Corporate Tax Cuts Have Enriched Wealthy Investors; Haven't Increased Workers' Wages
As many economists predicted last Fall, corporations which received a massive tax cut in 2017 haven't used much of their windfall to hire more workers or increase wages. Instead they have increased dividends and repurchased their own stock making outstanding shares more valuable and enriching investors.
From Money: Michael Patcher, an analyst at Wedbush Securities, “The tax law didn’t do anything to provide an incentive to employers to create jobs. There’s nothing in there that would suggest that employers have a particular incentive to hire more people or pay the ones that they have more money.”
A few companies gave one-time bonuses to employees at the end of 2017, but that's not where the vast majority of the tax cut money went.
From Money: "Companies are on track to plow a record $1 trillion into boosting dividends and buying back their own stock this year, says Howard Silverblatt, senior index analyst S&P Dow Jones Indices."
Stock buybacks enrich wealthy investors, but do almost nothing to boost the economy or assist blue-collar workers who own very little stock. And, these "record-breaking buybacks are especially great news for executives at the companies whose compensation is tied to the stock price because it makes the stock more valuable."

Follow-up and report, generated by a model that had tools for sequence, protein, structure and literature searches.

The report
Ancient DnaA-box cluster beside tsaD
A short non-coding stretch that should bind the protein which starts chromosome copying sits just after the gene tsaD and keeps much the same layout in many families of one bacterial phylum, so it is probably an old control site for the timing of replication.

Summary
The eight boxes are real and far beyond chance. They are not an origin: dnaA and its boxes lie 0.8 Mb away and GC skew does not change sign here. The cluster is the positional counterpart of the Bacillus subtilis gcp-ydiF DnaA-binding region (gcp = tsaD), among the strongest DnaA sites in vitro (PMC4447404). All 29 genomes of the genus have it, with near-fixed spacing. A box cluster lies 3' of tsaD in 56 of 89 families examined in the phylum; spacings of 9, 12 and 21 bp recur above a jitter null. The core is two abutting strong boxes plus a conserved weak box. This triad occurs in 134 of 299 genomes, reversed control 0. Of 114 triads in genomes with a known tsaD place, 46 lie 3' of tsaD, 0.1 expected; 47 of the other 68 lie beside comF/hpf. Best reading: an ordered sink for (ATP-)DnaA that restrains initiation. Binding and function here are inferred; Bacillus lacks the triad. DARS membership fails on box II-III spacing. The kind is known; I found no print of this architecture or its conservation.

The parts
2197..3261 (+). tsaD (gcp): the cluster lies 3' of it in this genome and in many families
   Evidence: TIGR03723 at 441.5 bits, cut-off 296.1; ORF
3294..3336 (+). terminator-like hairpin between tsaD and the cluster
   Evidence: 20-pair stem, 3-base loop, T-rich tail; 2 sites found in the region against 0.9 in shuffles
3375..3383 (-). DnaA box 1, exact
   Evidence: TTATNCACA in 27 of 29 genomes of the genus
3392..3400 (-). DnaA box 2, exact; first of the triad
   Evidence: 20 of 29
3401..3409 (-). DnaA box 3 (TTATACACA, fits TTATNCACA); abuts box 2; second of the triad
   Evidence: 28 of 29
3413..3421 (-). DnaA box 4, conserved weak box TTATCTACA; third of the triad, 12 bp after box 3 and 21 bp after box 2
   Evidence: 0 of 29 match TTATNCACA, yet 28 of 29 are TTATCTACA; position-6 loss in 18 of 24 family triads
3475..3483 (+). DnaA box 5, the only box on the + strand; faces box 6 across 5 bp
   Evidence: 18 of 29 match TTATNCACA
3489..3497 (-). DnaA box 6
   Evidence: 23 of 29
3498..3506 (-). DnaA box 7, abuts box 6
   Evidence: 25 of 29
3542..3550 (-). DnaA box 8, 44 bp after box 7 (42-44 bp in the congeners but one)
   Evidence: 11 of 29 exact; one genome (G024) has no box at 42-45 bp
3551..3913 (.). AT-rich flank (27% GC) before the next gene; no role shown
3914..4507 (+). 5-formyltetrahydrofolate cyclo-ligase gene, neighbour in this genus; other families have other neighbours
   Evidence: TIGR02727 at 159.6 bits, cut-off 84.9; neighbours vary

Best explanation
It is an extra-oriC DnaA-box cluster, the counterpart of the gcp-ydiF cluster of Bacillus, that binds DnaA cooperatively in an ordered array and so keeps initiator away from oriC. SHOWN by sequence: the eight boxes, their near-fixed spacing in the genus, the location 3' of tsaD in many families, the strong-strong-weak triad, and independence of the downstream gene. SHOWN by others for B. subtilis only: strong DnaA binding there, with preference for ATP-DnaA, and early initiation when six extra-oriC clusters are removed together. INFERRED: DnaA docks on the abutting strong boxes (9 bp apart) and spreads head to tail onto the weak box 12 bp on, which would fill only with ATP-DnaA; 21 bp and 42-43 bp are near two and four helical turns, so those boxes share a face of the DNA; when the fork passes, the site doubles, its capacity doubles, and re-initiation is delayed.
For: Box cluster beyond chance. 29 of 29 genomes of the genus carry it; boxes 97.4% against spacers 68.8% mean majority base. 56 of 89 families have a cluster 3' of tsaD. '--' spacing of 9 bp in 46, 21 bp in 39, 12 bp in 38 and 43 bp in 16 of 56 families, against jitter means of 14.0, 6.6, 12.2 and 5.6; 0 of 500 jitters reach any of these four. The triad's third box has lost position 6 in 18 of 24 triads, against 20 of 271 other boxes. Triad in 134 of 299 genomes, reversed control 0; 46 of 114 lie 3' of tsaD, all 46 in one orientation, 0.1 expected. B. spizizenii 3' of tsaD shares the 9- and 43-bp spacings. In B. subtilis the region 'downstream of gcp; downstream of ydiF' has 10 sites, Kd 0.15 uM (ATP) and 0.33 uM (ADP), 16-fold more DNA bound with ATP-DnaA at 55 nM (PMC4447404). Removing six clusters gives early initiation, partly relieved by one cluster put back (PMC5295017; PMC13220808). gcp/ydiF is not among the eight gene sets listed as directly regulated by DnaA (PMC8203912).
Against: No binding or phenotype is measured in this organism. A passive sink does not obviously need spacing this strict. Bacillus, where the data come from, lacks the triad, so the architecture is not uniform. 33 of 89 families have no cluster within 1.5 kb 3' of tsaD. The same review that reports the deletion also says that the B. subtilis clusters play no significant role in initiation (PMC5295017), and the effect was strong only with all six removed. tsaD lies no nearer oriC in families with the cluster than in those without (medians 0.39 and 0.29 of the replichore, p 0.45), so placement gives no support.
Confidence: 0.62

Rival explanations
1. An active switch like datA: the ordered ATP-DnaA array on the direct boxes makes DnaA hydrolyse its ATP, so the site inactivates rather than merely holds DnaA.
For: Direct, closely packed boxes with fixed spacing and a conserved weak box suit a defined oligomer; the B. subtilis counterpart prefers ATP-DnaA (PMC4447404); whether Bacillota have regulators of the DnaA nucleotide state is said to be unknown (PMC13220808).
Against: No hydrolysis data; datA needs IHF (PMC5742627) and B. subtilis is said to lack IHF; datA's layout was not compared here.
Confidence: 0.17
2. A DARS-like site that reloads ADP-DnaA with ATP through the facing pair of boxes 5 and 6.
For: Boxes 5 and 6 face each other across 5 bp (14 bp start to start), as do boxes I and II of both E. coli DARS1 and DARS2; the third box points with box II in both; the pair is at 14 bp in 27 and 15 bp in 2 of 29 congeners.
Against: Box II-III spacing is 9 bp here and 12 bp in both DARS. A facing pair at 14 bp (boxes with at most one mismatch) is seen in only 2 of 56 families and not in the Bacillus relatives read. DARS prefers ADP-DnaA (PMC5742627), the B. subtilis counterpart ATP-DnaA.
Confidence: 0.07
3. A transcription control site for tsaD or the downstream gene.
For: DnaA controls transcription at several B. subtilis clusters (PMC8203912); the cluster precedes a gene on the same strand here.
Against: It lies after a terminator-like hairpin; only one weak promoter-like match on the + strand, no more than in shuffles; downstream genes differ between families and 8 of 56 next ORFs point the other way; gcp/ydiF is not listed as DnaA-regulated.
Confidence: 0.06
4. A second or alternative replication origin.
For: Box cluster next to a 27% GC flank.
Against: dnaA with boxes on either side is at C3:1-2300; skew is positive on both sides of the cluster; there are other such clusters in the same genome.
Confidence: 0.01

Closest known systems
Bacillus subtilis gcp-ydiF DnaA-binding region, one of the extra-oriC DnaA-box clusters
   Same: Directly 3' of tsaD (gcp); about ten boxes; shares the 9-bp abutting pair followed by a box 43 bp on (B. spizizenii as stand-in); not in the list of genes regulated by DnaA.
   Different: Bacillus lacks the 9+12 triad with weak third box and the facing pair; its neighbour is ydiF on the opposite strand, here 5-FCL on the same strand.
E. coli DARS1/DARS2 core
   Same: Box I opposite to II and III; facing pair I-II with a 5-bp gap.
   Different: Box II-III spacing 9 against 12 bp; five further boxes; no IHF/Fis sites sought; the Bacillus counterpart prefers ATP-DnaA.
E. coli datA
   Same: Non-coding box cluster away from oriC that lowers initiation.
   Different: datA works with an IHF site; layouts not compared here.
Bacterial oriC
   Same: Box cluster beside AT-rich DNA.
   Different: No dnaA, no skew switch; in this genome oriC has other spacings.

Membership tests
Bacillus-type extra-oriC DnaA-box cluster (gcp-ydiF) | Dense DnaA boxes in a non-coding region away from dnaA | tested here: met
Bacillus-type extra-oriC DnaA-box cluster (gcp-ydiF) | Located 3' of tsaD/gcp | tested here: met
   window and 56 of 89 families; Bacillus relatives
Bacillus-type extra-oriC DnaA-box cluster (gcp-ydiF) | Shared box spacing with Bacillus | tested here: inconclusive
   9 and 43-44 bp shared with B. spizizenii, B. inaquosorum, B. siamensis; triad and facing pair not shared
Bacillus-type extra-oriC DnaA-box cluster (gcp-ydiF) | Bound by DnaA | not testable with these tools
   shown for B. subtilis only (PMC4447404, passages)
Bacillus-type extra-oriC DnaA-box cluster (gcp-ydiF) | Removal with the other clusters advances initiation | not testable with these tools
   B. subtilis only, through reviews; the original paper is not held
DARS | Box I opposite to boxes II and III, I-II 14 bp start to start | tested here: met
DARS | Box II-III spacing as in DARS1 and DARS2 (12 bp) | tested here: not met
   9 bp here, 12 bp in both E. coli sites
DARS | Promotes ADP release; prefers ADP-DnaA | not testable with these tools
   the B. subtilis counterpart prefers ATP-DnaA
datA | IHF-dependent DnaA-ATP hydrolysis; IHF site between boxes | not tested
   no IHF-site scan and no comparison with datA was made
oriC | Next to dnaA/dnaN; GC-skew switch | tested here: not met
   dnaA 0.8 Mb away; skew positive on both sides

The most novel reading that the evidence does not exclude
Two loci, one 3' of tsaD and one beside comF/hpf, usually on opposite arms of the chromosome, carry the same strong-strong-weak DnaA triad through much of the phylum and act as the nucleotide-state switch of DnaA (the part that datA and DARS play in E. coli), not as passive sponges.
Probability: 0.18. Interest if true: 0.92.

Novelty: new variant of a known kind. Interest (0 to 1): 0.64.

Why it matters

And, that may not be the worst of the results from the corporate tax cuts. New research of state corporate tax cuts by Juan Carlos Suarez-Serrato, of Duke University, Ethan Rouen, from Harvard Business School and Suresh Nallareddy of Duke University suggests that these cuts also tend to increase income inequality because most of the benefits will flow to the richest investors rather than workers.
From the Hill: "The state-level trends we found do not bode well for the new federal tax cuts. Instead, the evidence strongly suggests those cuts will increase income inequality.
And Congress may make the problem even worse. Congress has yet to decide how to make up for the lost tax revenue. If it pays for tax cuts with cuts to government spending, that would further hurt the average worker, since research shows public spending cuts disproportionately harm low wage workers."
By: Don Lam & Curated Content